Is there a useful distinction between Capitalism and Free Enterprise? I am convinced that the answer to that is an emphatic yes; and that the distinction is vital to a proper understanding of the wreck of our political economy.
Free enterprise is characterized, above all, by a wide private field for business competition and innovation, operating under a structure of laws analogous to a good referee in a ball game. Savers, under free enterprise, extend their capital to the successful enterprisers in the community. The economy is not isolated — some of its magnates aspire to national or even world prominence — but its core is local or regional. Its health is the effective and trustworthy lending of the capital of the older folks of the community, who have savings, to the industrious and virtuous of the younger businessmen. The old generation earns a return on this lent capital; and the younger businessmen are able, when successful, to build and distribute new wealth.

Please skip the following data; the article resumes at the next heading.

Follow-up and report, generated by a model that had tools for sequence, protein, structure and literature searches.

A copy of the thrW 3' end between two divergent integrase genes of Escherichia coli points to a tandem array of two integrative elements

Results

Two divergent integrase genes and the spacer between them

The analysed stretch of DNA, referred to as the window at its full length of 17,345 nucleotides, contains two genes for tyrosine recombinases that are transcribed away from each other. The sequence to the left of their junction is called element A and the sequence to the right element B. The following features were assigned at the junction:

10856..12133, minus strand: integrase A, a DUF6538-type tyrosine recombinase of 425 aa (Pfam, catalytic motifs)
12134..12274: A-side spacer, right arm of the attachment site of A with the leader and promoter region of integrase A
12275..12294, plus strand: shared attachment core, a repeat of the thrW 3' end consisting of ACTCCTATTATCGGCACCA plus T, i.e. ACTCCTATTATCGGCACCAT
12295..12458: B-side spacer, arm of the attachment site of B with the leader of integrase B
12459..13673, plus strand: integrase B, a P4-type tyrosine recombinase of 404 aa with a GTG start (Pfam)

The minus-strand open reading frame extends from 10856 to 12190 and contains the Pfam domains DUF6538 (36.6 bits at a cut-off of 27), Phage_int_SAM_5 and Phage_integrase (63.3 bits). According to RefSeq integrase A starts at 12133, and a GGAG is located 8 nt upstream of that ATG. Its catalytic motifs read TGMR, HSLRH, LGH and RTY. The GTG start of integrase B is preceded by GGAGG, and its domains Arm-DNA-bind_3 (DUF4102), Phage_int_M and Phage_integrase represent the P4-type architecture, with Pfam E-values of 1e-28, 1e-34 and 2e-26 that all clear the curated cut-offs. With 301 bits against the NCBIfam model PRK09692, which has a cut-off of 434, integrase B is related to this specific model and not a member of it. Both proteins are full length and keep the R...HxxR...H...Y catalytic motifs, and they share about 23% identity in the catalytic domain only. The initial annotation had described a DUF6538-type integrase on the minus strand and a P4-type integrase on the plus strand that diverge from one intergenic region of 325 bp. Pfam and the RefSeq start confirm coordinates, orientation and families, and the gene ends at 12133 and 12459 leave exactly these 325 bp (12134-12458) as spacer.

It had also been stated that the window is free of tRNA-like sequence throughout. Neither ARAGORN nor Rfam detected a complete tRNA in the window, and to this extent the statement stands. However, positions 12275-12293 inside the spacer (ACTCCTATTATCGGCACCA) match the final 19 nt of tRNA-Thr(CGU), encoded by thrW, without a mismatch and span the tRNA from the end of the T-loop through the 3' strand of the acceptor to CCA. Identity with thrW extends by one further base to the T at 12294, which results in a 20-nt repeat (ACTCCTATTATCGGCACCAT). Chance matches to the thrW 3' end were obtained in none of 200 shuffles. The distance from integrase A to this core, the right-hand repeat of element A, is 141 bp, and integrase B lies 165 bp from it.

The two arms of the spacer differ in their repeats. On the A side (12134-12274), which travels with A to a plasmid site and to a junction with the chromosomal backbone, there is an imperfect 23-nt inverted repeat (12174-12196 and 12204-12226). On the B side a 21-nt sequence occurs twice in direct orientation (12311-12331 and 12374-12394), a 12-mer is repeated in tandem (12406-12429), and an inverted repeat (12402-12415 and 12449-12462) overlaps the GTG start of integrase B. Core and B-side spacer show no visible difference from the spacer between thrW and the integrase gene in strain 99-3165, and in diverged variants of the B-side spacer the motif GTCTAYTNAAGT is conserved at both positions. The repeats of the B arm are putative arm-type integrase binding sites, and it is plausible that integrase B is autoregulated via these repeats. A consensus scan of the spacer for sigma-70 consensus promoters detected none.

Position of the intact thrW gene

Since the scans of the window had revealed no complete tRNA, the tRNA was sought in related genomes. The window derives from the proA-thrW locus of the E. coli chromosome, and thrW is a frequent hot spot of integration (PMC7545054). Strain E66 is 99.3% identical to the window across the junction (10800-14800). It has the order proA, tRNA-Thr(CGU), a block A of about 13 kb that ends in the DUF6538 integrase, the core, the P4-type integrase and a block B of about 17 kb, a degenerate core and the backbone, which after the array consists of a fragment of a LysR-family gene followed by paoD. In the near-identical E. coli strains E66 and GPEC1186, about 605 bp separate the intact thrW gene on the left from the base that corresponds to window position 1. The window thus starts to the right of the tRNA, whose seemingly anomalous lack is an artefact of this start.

There is definitely risk in the system, but it is risk faced primarily on a personal level. Risk is intimately linked to trust. The man of means wants to know the men he invests his capital in. He'll ask about their families. He'll do his homework, but often he’ll have to take his risks based on his gut sense about men.